What the barrel does between these two points is beyond my control and I really don't care. Tie the thing in a knot if you wish so long as its nuts on at those two points.

Fitting the tennon to the receiver is next and there is more to threading a barrel than just getting the right number of threads per inch and getting the action to screw onto the thing. Pitch diameter, flank angles, all that stuff needs to be right. If you understand the engineering dynamics and limitations of a 60* thread form you will see why this is important. Surface finish is also critical because this has to do with friction coefficients and that affects torque.

Now comes chambering.

spin a barrel that has been indicated at both ends and you'll discover very quickly that it is not straight. It's a skip rope. This has to do with how barrels are made. Imagine this piece of material as a solid bar in a deep hole gun drill at the barrel plant. It's spun and the center runs out a bit. The drill doesn't care because it's going to follow the spindle theoretical centerline as best as it can. So, when the machine is running the hole is pretty **** straight.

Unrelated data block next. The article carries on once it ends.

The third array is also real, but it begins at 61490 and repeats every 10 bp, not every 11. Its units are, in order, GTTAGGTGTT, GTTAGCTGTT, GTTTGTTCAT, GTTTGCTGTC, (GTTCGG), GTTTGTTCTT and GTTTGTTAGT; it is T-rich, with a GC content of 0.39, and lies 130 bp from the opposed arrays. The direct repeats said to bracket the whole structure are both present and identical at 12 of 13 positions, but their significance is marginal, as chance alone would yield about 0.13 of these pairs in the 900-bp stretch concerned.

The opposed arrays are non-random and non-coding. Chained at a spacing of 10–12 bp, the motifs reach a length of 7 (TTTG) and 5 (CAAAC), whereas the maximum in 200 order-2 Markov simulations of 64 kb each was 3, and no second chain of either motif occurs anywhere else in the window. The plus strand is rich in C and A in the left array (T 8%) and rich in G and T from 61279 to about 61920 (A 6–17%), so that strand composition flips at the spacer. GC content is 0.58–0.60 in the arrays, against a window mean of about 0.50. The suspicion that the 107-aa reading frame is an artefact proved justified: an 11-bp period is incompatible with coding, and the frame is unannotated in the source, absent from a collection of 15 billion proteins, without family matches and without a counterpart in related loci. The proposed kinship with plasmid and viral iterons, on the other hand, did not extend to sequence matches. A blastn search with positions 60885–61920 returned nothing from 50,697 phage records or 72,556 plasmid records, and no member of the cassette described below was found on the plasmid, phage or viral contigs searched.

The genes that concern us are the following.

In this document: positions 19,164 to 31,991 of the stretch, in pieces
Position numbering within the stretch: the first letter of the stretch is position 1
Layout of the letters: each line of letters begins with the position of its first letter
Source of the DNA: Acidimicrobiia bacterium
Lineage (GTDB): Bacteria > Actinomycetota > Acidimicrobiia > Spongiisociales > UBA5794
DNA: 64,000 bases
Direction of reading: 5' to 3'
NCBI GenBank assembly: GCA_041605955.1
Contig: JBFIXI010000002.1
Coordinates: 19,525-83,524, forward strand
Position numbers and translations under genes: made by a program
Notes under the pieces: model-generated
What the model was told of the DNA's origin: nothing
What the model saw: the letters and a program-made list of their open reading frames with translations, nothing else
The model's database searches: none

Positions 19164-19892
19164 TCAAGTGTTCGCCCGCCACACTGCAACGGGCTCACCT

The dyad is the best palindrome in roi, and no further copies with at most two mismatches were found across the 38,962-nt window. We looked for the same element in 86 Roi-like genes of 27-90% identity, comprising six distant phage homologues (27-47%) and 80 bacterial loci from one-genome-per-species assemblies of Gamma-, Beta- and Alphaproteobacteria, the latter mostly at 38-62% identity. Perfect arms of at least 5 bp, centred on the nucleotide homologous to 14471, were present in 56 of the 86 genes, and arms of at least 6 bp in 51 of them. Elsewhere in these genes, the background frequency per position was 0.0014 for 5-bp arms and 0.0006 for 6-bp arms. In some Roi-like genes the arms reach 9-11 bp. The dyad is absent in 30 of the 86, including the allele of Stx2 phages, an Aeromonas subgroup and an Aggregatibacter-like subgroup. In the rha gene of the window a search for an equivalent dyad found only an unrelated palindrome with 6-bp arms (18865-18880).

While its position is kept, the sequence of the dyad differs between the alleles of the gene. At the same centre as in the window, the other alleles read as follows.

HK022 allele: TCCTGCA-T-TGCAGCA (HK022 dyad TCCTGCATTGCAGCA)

Now shut the machine off and what happens? the barrel snaps back to being straight and your hole turns into a banana.

OMG that's terrible? No it's not. It's still round and it's still a consistent diameter and that's all you really care about. In fact the crooked ones sure seem to shoot better than the ones that are straight. If a guy is an accuracy minded gunsmith he'll take the time to clock this bend so that it runs on the vertical. Rifles seem to shoot better this way.

Ok, so if this hole is a skip rope we know that it's not right when the pilot of the reamer enters the barrel. It won't be right until the pilot gets to that point that we initially indicated the barrel at. BUT it's a piloted reamer and what can't a reamer do?

It can't have an origional thought and make it's own hole where it wants to. It has to follow what is already there. Neither can a drill bit (HINT HINT)

So, IMO people who use drills to hog out chambers are take a lot for granted because they assume the hole was right to begin with. IT'S ALMOST NEVER RIGHT GUYS

This is the beauty of single point tooling. It will make a hole conentric to spindle centerline and since that is what we datum everything off of, it's perfect.

The last thing you want to grab is a boring bar so just leave that put away. Get yourself a two or three flute carbine end mill and set it up with a corner on center then have at it. Get to a depth and diameter that still leaves meat on the barrel for the reamer. How much is debatable but reamers need to have a certain amount of chip load in order to mitigate chatter. Experience comes with this because a 22PPC is a bit different from a 338LM AI.

Also be mindful of the size of the reamer and what this does to surface speed on the tool.

your hole will be concentric so as long as your reamer is set up on center to spindle bore line it will feed concentric eventhough the pilot is hanging in space. (trust me)